Cyberpunk is already a mash-up of hardboiled fiction and science fiction. Fantasy and hardboiled both combine well with science fiction on their own, but trying to combine fantasy with hardboiled without seeming frivolous or banal is a major undertaking in itself. Throw in s.f. as well and you've got a major oversaturation of themes going on.
This got me thinking: perhaps John is right, and mashing up two themes works fine, but adding a third causes the edifice to collapse under its own weight? Are there any famous or successful three-way, or four-way, genre mashups?
An experiment. Roll 3d10 and mashup the genres in this table. What do you get?
2, 7, 3: Noir, gothic horror, hard SF. There's a female vampire disguised on a space ship and gradually killing off the crew, and there's a whiskey-soaked detective on board who is in love with her and trying to solve the crime at the same time; the way he solves the mystery is through application of a clever scientific theory. Yeah, I can see how that wouldn't work - gothic horror and hard SF cancel each other out; if the vampire is really supernatural it isn't hard SF any more, but if there is a scientific solution then it isn't actually really gothic horror. Though both work well with noir.
10, 2, 3: Victoriana, noir, hard SF. A steampunk setting in which the details are meticulously laid out so that every element of the steam-powered world makes perfect sense. A whiskey-soaked detective attempts to solve a murder, but the solution revolves around understanding something specifically to do with steam engines. That kind of works, actually, though I'm taking a very loose definition of "hard SF". You'd have to really like steam engines, and really understand what they're capable of and what the implications would be.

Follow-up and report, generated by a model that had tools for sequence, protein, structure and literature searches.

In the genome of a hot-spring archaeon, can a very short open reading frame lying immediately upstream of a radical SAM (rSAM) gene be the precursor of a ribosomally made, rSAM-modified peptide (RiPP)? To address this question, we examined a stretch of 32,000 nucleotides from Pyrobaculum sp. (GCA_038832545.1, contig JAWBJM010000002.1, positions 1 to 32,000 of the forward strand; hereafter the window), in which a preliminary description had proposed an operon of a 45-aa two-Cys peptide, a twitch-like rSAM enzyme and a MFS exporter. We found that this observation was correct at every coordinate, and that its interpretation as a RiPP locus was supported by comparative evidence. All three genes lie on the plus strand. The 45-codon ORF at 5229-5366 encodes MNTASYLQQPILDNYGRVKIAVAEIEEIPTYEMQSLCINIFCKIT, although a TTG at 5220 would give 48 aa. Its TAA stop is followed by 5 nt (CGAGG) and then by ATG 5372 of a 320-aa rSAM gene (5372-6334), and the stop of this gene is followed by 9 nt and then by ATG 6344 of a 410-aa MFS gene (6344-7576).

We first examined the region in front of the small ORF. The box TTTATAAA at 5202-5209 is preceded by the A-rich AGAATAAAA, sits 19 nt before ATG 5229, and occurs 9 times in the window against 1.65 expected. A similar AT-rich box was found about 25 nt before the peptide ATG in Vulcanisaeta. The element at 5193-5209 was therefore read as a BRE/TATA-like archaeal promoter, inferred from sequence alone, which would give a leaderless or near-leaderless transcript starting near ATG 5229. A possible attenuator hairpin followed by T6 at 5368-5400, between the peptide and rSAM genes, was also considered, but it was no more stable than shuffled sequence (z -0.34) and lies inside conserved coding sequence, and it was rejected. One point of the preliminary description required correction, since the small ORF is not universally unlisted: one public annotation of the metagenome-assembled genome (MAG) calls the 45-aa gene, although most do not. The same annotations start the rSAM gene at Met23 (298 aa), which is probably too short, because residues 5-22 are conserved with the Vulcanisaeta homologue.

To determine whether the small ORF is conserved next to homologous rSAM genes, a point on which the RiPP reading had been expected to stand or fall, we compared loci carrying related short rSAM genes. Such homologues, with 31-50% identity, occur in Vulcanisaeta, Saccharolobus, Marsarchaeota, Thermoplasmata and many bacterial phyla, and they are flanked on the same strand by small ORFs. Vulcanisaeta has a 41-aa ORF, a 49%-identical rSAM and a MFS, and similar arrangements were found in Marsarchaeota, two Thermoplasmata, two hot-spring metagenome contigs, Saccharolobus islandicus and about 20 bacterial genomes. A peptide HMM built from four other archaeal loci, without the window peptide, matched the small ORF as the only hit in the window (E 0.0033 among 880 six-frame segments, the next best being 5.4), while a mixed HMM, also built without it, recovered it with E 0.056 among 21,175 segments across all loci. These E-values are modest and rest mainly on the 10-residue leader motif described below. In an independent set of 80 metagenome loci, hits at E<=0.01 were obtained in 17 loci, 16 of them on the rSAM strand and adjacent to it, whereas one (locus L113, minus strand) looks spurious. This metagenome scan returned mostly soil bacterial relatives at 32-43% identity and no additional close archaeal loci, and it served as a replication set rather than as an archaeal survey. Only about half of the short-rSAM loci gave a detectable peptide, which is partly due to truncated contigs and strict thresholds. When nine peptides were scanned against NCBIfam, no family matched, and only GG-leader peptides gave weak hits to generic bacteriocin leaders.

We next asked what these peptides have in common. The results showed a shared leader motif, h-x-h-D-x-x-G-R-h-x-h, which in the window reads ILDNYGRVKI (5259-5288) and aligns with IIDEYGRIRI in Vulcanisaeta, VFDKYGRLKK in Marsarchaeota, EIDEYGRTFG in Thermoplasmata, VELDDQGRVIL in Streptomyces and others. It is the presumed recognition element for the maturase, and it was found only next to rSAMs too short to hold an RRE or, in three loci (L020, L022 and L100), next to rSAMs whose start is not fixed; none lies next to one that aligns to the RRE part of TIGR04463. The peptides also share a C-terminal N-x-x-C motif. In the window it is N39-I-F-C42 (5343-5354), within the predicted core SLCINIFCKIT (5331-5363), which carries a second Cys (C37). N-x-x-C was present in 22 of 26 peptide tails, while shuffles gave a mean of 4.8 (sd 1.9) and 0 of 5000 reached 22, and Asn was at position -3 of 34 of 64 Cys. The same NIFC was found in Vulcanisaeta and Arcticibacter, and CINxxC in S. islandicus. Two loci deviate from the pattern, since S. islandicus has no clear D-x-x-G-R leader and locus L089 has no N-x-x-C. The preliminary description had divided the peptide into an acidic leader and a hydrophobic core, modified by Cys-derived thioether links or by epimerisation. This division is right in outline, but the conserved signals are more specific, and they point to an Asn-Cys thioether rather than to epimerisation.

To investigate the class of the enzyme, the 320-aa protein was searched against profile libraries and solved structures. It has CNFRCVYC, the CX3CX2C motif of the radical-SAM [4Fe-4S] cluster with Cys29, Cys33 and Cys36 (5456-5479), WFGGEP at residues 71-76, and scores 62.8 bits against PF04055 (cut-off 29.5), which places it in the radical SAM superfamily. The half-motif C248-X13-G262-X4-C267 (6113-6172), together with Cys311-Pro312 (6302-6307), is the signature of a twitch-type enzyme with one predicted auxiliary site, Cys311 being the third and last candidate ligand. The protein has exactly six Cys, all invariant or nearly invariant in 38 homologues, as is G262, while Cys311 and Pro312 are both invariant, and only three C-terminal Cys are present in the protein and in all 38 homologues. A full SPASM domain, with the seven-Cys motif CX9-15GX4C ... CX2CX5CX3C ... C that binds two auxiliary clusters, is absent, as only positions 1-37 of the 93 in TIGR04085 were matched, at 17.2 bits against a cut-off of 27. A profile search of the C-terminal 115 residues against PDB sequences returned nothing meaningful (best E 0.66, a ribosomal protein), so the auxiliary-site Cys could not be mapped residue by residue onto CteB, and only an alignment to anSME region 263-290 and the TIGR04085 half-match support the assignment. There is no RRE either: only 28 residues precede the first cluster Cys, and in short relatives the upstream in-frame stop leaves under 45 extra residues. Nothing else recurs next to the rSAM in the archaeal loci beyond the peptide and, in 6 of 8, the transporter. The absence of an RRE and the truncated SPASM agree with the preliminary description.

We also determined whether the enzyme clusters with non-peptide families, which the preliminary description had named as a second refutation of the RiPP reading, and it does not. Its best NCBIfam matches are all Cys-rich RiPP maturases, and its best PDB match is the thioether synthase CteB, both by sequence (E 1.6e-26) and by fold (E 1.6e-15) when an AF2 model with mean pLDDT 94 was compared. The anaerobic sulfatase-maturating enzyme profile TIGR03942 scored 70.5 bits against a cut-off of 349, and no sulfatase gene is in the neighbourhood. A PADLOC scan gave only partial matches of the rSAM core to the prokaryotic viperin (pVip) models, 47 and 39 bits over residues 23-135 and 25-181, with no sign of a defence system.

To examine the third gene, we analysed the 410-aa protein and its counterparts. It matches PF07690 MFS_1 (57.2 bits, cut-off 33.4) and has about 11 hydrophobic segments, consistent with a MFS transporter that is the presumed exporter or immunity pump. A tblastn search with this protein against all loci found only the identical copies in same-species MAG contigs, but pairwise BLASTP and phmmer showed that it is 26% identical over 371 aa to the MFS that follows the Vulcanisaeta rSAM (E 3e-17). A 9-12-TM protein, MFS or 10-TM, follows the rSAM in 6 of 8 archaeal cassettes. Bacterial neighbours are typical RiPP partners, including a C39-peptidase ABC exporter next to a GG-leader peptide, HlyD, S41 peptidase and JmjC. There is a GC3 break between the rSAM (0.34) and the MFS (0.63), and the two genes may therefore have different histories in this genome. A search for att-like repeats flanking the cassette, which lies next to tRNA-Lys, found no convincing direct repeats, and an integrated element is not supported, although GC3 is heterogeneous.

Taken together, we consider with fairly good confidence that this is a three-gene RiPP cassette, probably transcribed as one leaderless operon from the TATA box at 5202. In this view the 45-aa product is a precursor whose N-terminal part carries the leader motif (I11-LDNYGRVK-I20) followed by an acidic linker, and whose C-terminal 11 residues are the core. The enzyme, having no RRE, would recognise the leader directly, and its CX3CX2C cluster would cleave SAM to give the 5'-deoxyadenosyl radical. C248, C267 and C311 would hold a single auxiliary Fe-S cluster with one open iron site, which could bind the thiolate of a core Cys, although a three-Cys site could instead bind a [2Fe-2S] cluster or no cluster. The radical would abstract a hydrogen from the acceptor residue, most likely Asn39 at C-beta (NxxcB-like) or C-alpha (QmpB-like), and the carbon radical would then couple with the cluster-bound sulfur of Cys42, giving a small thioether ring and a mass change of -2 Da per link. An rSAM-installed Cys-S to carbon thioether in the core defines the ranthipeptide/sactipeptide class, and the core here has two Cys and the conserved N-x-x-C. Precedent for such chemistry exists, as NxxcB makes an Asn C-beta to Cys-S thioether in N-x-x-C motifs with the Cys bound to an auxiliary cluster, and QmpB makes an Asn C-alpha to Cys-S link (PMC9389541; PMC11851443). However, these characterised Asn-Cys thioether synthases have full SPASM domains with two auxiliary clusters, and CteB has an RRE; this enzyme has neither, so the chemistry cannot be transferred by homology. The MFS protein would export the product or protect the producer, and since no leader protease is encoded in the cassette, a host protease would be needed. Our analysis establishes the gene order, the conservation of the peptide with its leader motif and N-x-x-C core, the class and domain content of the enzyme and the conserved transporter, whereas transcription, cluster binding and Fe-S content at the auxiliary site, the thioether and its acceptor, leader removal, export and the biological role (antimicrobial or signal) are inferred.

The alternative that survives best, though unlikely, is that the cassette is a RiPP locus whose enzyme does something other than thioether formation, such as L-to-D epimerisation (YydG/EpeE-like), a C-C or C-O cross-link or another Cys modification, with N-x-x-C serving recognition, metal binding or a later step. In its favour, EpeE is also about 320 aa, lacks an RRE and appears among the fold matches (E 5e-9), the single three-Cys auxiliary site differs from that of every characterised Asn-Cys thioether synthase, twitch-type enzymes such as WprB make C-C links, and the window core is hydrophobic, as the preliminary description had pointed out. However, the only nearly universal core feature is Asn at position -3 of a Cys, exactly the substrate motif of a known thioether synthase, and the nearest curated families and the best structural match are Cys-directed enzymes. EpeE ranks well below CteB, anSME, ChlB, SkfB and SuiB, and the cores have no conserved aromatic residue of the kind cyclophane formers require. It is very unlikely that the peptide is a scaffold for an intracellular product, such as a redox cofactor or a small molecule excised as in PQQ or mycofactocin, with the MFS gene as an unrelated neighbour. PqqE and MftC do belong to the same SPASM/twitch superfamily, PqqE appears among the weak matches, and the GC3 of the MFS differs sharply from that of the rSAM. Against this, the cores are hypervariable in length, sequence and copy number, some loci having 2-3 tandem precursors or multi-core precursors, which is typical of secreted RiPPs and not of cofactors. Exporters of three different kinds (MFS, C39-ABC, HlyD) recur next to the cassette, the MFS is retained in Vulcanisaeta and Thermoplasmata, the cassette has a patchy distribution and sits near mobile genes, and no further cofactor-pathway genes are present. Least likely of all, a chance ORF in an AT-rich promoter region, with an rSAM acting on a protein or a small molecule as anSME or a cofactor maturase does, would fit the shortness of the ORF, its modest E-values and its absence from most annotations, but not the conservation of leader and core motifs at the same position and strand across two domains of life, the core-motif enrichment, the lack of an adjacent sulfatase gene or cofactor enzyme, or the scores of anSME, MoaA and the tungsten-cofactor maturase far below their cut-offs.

10, 9, 6: Victoriana, literary fiction, western. A steampunk western in which nobody does anything except mope and ponder the imponderables while having ennui-inducing sex and taking mild intoxicants. Could sort of work if the writer made great play of the fact that steam, social conservatism and violence are sort of like the human condition. But would be boring and wasteful of its setting.
Maybe John is onto something.